Animations comparing surface wave simulations with standard and "stabilized" two-equation turbulence models
2019-05-29T11:43:30Z (GMT) by
This data set contains animations comparing the performance of standard and "stabilized" (as described in Larsen and Fuhrman, 2018) two-equation turbulence closures. Two animations are included, involving simulation of:
1. A simple wave train
2. Spilling breaking test of Ting and Kirby (1994)
Both tests utilize incident waves with: kH=0.207 and kh=0.664, where k is the wave number, H is the wave height, and h=0.4 m is the water depth. In the spilling breaking test the waves propagate up a 1:35 slope. The set ups are as described in Larsen and Fuhrman (2018).
The tests demonstrate the characteristic instability (exponential growth) of the turbulent kinetic energy beneath non-breaking surface waves exhibited by all widely-used two equation turbulence closures. This is proved unconditionally by Larsen and Fuhrman (2018), which built on the prior conditional proof of Mayer and Madsen (2000). This problem is removed entirely by the "stabilized" closures of Larsen and Fuhrman (2018), where significant turbulence is limited to the boundary layer region and/or surf zone (breaking waves).
It is emphasized that all of the simulations shown in these animations (as well as all results shown in Larsen and Fuhrman, 2018, as indicated on their p. 434) have the buoyancy production term active in the k-equation, as suggested recently in this context by e.g. Devolder et al. (2017). This only creates a local sink in the turbulent kinetic energy near the air-water interface, but clearly does not stabilize the models. This is because the problem of over-production of turbulence in two-equation models is not confined to the near-surface region; Rather the entirety of the nearly-potential flow region beneath the surface waves is unstable, as again proved unconditionally by Larsen and Fuhrman (2018). It is the simple modification of the eddy viscosity, coupled with its elimination from either the \omega or \epsilon production term, which formally stabilizes the models, as shown therein.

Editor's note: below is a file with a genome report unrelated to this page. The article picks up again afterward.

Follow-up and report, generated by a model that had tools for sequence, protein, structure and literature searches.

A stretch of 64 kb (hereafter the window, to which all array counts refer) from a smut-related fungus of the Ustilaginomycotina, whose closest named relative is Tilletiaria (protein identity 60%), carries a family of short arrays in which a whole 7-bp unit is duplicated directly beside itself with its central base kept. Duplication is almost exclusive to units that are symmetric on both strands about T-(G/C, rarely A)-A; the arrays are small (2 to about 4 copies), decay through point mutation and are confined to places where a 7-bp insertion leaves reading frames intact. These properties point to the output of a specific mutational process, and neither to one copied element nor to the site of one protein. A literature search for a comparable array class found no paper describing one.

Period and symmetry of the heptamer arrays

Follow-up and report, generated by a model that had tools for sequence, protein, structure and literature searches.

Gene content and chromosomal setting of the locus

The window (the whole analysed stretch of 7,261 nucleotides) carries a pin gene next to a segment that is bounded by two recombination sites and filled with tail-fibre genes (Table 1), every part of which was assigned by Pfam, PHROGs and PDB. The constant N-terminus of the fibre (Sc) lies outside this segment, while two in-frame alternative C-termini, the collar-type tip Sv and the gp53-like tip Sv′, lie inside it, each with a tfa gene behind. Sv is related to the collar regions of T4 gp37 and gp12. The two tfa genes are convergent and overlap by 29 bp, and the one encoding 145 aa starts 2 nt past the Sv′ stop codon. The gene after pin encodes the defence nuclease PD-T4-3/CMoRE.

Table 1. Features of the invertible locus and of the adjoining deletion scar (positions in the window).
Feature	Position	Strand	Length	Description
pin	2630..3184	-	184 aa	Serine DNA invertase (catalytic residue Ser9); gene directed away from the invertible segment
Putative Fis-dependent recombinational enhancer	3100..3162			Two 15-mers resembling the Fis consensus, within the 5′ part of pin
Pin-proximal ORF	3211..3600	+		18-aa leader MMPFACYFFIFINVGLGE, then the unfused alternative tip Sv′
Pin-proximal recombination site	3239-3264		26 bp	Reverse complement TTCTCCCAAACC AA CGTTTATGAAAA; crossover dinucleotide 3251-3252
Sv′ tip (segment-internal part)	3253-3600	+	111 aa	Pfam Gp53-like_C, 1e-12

Simulations have been made in OpenFOAM, with waves generated by waves2Foam (Jacobsen et al., 2012).
Stabilized turbulence models are available in the open-source stabRAS repository (announced here: https://www.cfd-online.com/Forums/openfoam-community-contributions/208312-new-contribution-stabras.html).
Please cite this as:
Larsen, B.E. and Fuhrman, D.R. (2019) Animations comparing surface wave simulations with standard and "stabilized" two-equation turbulence models. figshare. Media. DOI: 10.11583/DTU.8180708
Devolder, B., Rauwoens, P. and Troch, P. (2017) Application of a buoyancy-modified k-omega turbulence model to simulate wave run-up around a monopile subject to regular waves using OpenFOAM. Coast. Eng. 125, 81-94. DOI: 10.1016/j.coastaleng.2017.04.004
Jacobsen, N.G., Fuhrman, D.R. and Fredsøe, J. (2012) A wave generation toolbox for the open-source CFD library: OpenFoam. Int. J. Numer. Meth. Fluids. 70, 1073-1088. DOI: 10.1002/fld.2726
Larsen, B.E. and Fuhrman, D.R. (2018) On the over-production of turbulence beneath surface waves in Reynolds-averaged Navier-Stokes models. J. Fluid Mech. 853, 419-460. DOI: 10.1017/jfm.2018.577
Mayer, S. and Madsen, P.A. (2000) Simulation of breaking waves in the surf zone using a Navier-Stokes solver. In: Proc. 27th Int. Conf. Coast. Eng., pp. 928-941, Sydney, Australia. DOI: 10.1061/40549(276)72
Ting, F.C.K. and Kirby, J.T. (1994) Observations of undertow and turbulence in a laboratory surf zone. Coast. Eng. 24, 51-80. DOI: 10.1016/0378-3839(94)90026-4